The first lawsuit has been filed challenging Florida’s law which would eliminate Disney World’s governmental district — and it’s not from Disney.
Three Florida residents are the plaintiffs in the suit: Michael and Edward Foronda of Kissimmee and Vivian Gorsky of Orange County. According to the Orlando Sentinel, they are being represented by Miami attorney and Democratic U.S. Senate candidate William Sanchez.
The suit argues that Florida and Gov. Ron DeSantis violated the state’s own Taxpayer Bill of Rights law, existing contracts with the Reedy Creek Improvement District’s bondholders, as well as Disney’s First Amendment rights. DeSantis made it clear in public statements that he and Republican legislators sought to eliminate the district after Disney called for the repeal of another law, dubbed by its critics as the “Don’t Say Gay” law.
“The stated and undisputed reason behind the bill is to punish Disney World and subsequently Florida taxpayers,” the suit says.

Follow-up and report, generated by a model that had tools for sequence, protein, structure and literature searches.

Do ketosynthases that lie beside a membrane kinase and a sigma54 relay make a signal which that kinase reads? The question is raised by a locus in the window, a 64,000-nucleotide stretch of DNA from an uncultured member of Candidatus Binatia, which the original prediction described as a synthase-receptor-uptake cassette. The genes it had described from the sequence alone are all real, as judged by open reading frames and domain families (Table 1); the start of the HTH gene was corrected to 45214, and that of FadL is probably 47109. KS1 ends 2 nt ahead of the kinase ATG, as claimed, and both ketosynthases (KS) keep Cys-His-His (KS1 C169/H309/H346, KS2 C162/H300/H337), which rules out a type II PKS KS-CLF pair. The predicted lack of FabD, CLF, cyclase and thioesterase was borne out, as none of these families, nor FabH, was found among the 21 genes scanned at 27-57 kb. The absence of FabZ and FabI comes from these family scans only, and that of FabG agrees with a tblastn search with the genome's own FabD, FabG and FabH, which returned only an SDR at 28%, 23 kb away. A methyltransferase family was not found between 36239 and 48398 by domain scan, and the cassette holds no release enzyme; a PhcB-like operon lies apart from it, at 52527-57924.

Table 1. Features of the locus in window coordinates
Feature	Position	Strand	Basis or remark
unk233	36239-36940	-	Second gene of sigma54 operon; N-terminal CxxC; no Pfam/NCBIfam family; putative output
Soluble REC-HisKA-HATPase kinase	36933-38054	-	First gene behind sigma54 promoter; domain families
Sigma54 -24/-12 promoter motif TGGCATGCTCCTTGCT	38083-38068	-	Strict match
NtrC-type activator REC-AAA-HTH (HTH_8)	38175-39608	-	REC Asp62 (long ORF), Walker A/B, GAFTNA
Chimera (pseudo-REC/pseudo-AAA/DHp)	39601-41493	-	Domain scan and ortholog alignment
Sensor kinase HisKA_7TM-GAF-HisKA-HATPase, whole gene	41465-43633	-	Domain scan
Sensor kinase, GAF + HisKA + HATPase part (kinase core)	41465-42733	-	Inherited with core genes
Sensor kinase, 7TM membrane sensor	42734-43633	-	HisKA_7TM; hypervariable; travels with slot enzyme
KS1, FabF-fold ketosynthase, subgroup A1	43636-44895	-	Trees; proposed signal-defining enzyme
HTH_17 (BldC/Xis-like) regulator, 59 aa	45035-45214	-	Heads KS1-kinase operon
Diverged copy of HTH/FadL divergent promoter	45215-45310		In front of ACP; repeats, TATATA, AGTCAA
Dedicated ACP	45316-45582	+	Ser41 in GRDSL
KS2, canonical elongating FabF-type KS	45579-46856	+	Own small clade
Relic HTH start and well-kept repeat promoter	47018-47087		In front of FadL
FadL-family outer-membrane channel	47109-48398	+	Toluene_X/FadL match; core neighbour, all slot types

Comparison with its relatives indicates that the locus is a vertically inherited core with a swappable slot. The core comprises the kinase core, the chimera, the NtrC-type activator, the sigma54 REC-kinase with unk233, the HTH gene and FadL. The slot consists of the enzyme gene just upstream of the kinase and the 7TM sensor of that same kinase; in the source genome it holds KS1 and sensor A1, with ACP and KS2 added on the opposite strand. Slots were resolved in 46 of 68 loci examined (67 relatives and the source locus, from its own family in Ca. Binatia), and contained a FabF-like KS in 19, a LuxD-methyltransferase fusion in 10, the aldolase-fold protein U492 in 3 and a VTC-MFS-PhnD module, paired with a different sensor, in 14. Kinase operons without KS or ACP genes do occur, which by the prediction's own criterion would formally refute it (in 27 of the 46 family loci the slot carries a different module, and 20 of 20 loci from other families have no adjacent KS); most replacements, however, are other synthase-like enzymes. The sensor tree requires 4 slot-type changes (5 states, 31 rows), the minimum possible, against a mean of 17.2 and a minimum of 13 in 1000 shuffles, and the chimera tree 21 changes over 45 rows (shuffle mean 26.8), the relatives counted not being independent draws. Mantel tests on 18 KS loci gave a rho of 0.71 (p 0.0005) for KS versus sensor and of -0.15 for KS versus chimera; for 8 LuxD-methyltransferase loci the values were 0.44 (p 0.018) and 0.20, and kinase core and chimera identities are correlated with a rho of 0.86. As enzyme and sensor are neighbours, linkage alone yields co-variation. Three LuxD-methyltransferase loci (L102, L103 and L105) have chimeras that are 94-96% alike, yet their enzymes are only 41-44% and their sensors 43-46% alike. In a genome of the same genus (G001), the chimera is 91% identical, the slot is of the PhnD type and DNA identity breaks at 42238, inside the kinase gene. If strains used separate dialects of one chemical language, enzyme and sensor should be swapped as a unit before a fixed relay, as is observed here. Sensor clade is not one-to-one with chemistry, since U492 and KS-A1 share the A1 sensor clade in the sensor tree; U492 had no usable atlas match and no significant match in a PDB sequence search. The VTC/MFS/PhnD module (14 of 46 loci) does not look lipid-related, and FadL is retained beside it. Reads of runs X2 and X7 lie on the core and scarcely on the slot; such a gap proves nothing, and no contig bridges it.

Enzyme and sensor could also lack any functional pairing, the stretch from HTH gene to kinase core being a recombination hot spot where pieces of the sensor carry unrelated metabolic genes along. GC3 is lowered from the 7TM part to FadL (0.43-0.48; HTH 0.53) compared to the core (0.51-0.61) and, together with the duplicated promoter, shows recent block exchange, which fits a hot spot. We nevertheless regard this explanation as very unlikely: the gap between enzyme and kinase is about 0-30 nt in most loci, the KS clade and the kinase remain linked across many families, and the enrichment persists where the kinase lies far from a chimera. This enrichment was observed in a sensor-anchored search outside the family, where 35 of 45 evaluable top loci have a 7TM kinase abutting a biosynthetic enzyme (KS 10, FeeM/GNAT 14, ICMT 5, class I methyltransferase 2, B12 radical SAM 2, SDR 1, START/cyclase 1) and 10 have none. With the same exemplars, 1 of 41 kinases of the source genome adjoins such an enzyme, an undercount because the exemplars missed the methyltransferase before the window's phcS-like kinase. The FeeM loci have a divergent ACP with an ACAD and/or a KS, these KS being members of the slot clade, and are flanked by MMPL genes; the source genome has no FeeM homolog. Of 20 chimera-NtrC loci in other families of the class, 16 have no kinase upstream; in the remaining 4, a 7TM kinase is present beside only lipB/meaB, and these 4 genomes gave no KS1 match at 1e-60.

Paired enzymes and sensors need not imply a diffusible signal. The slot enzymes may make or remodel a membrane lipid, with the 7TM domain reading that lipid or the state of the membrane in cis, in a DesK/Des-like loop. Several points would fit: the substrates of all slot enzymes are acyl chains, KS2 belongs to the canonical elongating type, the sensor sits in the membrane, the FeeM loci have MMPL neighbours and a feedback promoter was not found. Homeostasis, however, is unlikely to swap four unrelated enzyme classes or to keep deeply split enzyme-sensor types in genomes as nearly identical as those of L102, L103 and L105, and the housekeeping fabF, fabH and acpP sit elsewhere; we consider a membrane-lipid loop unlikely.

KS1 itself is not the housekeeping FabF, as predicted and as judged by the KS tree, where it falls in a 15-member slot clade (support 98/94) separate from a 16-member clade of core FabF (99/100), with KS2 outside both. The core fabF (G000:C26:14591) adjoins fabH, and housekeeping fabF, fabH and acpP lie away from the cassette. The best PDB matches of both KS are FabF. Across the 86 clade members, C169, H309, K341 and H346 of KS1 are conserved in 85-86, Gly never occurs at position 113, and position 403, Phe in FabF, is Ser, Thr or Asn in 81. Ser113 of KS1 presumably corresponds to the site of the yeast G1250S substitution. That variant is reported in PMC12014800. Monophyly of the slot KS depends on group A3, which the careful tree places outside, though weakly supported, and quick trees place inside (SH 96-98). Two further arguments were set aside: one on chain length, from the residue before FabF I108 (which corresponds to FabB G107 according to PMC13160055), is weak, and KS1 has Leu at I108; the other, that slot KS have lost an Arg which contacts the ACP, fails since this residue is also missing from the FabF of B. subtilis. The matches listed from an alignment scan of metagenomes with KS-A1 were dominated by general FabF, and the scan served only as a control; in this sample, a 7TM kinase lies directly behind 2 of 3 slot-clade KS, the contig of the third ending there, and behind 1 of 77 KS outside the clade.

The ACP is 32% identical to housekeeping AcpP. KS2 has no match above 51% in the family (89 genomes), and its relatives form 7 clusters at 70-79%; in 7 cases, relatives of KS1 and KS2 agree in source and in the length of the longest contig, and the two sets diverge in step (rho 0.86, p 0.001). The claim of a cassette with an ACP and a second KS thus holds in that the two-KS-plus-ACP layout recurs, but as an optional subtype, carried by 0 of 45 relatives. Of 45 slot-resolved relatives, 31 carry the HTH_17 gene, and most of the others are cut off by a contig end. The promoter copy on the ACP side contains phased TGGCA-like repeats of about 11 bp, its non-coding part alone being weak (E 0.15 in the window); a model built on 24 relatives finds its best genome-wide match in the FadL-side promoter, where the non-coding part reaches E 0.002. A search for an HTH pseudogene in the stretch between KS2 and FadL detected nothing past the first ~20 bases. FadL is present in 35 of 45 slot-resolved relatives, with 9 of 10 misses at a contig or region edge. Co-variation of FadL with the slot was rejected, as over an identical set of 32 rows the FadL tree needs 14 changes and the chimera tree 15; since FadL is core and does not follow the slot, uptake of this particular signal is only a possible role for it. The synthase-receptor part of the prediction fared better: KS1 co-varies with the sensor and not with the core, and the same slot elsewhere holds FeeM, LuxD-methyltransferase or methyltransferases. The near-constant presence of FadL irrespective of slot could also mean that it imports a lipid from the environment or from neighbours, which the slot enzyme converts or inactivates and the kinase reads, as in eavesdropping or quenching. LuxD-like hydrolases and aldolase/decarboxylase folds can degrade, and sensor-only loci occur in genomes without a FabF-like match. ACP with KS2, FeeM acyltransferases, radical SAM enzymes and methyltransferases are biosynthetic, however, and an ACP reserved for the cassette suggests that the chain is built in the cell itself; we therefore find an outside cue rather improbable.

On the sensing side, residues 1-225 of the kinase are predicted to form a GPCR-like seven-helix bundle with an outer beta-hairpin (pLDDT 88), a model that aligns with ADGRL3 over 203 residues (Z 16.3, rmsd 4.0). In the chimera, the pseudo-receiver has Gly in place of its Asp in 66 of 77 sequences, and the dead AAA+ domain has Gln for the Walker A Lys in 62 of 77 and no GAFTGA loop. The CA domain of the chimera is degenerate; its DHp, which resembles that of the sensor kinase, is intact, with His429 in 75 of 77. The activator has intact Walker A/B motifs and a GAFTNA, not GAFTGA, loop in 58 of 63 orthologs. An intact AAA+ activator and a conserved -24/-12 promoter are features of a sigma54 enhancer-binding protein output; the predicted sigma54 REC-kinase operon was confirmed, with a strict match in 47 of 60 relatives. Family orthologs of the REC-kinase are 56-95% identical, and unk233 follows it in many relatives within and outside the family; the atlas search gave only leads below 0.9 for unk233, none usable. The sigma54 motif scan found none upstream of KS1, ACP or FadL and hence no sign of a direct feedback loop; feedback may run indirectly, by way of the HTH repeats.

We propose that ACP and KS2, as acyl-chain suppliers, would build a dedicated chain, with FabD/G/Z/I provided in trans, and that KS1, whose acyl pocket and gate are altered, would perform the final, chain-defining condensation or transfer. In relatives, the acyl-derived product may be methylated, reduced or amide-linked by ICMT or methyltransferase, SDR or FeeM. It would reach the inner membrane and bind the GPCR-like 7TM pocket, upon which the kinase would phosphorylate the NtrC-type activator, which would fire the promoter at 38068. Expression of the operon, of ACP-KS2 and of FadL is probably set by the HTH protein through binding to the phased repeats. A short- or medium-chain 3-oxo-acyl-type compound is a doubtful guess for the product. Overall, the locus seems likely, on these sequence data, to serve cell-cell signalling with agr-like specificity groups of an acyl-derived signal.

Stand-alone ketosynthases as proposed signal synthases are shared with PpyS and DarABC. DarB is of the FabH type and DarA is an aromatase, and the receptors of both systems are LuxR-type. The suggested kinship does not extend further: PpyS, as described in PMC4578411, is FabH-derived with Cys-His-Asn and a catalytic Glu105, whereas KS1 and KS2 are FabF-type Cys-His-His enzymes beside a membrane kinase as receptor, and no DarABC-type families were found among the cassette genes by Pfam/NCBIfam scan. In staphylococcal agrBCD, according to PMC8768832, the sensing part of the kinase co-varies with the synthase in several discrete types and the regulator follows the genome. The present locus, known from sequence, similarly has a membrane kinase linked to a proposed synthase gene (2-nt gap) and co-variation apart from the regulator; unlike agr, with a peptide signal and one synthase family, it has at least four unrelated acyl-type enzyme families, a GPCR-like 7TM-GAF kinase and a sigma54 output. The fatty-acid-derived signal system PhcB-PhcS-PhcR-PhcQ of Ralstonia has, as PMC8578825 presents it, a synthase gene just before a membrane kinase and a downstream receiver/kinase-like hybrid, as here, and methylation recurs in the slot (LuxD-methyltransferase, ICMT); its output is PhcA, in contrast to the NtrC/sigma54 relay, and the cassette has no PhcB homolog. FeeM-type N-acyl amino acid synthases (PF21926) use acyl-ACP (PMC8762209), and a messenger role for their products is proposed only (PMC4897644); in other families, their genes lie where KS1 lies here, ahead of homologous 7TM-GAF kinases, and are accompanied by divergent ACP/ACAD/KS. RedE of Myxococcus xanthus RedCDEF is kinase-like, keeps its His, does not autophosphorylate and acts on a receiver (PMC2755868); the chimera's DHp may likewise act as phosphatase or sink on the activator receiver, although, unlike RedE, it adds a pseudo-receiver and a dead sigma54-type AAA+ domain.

As outlined in the suit, if Reedy Creek were eliminated in June 2023, its $1 billion of debt and other obligations, and the cost of providing services to the district, would fall on Orange and Osceola counties and its taxpayers. That would require significant hikes in property taxes, according to Orange County tax collector Scott Randolph.
Potential tax increases is one reason why the residents claim they have standing to sue the state. “Stripping Disney of this special district designation will move these major regulatory burdens unto the county, thereby increasing the Plaintiff’s taxes, and will cause significant injury to plaintiffs,” the lawsuit states.
DeSantis spokesperson Christina Pushaw reiterated to the Sentinel that the governor’s stance that such financial burdens would not be passed onto the state — but also didn’t explain how. DeSantis has only promised “additional legislative action” without offering specifics.
In contrast to its public statements on the “Don’t Say Gay” law, Disney has been largely silent on the law targeting Reedy Creek, which was established by the Florida legislature in 1967. The Disney-controlled district did file a statement with the Municipal Securities Rulemaking Board claiming that the state would be violating the 1967 law dissolving the district without paying off its bond debts.
Additionally, credit-ratings agency Fitch Ratings warned that the law could lead to lower bond ratings — and higher borrowing costs — for governments all around Florida.